Please let me first introduce myself. My name is James Crosby. I am a retired Police Lieutenant, a former Animal Control Division Manager, a Certified Canine Behavior Consultant, and an internationally recognized expert on fatal dog attacks and dog aggression. I have consulted on fatalities and dangerous dog issues across the US, Canada, and even in India. I have trained Animal Control Officers and Law Enforcement agencies in the proper investigation of dog related fatalities. I have also, as a trainer, behavior consultant, Animal Control Director and investigator built extensive experience with the complex of breeds currently referred to as "Pit Bulls', those animals regulated under your Dangerous Dog Act. I have personally investigated 15 dog related fatalities against humans, and have conducted hands-on evaluations of thirty (30) dogs that have killed humans after said attacks.
I will not criticize the efforts to date in this case, nor the experts brought in. I will, however, suggest that an evaluation by an completely unrelated, expert party with such experience as I have beyond the experts previously available to the BCC could provide the BCC and the Office of the Secretary with the opportunity to be seen as reaching for an independent opinion, and a possible solution that would both protect the citizens of Northern Ireland and allow the dog Lennox to live out his life in peace.
I am not suggesting that Lennox be allowed to go home to the Barnes family: as both a Police Officer and an Animal Control Director I am a pragmatist and see that option is unworkable on two fronts. First, the Barnes family would be potentially subject to retribution or intimidation by strongly opinionated private parties, creating strain on them and the local Constabulary. There would be a potential for overt action against the dog. More importantly, the local Dog Wardens would be in a completely untenable position: were Lennox to act in a dangerous manner they would be accused of being unfair and biased, yet if unfounded accusations were filed against Lennox they would be accused of failing to protect the public safety.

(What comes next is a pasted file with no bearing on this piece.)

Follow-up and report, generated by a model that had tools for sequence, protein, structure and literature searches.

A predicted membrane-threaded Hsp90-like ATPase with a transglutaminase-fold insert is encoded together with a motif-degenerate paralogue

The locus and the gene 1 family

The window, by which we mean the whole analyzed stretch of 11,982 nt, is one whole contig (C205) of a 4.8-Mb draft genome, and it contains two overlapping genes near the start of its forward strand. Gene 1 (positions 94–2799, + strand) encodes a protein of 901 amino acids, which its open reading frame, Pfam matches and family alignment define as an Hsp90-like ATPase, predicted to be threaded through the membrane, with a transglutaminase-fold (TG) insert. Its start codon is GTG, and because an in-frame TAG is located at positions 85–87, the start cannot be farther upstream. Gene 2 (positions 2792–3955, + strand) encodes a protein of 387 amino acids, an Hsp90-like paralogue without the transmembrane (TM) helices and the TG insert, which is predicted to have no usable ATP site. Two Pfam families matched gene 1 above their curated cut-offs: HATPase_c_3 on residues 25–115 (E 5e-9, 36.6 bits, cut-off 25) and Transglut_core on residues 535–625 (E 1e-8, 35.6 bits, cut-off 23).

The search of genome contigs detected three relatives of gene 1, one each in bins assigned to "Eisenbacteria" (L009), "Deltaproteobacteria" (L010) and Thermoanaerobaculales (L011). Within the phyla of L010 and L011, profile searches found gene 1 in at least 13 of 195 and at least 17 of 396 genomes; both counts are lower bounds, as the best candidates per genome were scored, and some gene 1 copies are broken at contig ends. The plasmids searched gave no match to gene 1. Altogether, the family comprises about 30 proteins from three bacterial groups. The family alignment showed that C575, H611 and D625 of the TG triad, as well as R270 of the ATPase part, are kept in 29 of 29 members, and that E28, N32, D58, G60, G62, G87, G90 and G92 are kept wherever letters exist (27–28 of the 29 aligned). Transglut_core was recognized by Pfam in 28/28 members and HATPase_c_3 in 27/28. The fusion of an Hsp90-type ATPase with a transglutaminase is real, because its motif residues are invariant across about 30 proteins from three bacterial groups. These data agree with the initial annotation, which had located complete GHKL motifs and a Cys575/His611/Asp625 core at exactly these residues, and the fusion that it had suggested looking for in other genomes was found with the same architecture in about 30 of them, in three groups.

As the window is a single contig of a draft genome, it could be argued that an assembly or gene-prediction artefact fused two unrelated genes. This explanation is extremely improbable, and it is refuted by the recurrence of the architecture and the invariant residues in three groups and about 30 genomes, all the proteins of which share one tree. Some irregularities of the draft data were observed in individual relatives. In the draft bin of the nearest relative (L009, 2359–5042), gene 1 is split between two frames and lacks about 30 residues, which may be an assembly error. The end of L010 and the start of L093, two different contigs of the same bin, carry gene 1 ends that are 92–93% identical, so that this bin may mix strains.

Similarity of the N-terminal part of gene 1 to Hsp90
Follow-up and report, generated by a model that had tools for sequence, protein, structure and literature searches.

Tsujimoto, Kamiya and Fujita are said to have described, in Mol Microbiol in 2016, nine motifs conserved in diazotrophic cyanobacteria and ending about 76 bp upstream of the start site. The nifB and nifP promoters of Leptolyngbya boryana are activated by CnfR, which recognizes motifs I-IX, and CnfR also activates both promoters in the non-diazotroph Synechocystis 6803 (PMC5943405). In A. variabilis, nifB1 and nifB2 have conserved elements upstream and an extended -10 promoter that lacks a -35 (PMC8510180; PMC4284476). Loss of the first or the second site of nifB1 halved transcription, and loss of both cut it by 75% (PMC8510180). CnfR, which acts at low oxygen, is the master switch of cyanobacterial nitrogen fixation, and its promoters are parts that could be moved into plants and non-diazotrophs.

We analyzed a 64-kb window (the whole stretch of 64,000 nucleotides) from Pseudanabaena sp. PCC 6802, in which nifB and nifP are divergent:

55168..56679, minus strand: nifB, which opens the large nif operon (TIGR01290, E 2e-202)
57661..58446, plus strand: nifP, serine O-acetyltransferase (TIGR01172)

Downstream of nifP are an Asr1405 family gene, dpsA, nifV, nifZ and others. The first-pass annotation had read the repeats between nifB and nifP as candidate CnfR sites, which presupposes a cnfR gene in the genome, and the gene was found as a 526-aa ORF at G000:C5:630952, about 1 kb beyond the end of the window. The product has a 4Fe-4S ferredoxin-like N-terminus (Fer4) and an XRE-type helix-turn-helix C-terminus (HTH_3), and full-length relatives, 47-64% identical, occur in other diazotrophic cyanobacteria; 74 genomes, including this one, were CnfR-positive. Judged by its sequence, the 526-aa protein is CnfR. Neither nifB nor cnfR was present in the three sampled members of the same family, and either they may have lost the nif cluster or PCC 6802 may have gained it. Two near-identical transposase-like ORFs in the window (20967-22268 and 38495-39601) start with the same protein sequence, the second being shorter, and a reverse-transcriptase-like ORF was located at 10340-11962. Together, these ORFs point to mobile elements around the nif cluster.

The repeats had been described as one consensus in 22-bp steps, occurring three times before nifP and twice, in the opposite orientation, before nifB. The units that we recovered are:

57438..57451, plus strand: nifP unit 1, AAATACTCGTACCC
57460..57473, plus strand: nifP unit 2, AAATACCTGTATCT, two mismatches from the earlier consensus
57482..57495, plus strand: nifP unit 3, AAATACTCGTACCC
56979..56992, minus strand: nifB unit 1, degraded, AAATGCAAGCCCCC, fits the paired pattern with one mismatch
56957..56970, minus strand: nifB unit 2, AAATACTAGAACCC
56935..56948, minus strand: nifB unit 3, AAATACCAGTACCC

My suggestion is to allow me access to evaluate Lennox and then provide an opinion. If, and that is not a foregone conclusion, I find that Lennox is not dangerous to the public safety, I understand that there may be options: first, that the BCC could retract their complaint, with conditions, to allow Lennox to be removed. Alternately, you might be able, as Secretary, to make an exceptional declaration that the dog could be allowed to leave Northern Ireland and the UK forever, to be placed permanently with an established and reputable sanctuary. Either alternate would remove Lennox from your jurisdiction. I would even take personal responsibility to escort Lennox from Northern Ireland to his place of sanctuary to insure that no one is exposed to any possible action by this dog. On the other hand, if Lennox is indeed found to be clearly dangerous and a public risk, I will say so clearly and elucidate that opinion with solid, behavioral observations. The BCC and your Office could then be seen to have sought independent opinion, reconsidered the previous position, protected the public from a safety risk, and yet been compassionate to this particular case. Lennox would then be destroyed, having had the greatest effort extended to be as fair and balanced as possible.
This would cost nothing to the BCC, Belfast, or Northern Ireland. Additionally, I have nothing to promote at the expense of the reputation of Northern Ireland or Belfast. There are sponsors that are willing to absorb my travel costs and lodging and the cost to transport Lennox. I would be acting pro-bono in this case. I believe that such a solution would help soften the current situation. The world-wide attention that this case has received, including this morning's piece in The Guardian, has grown far beyond rationality. Resolving this without criticism of past action would improve the public profile of the City of Belfast, and place you as Secretary in the position of having achieved a reasonable solution to this difficulty.
I am attaching a curriculum vitae to establish my credentials. I am also providing a link to a recent article in the US that explains a bit of what I have done and what I do, along with the current Guardian piece.
Thank you for your time and for your consideration in this matter.
James W. Crosby
Canine Behavior Consultant
Jacksonville, FL, USA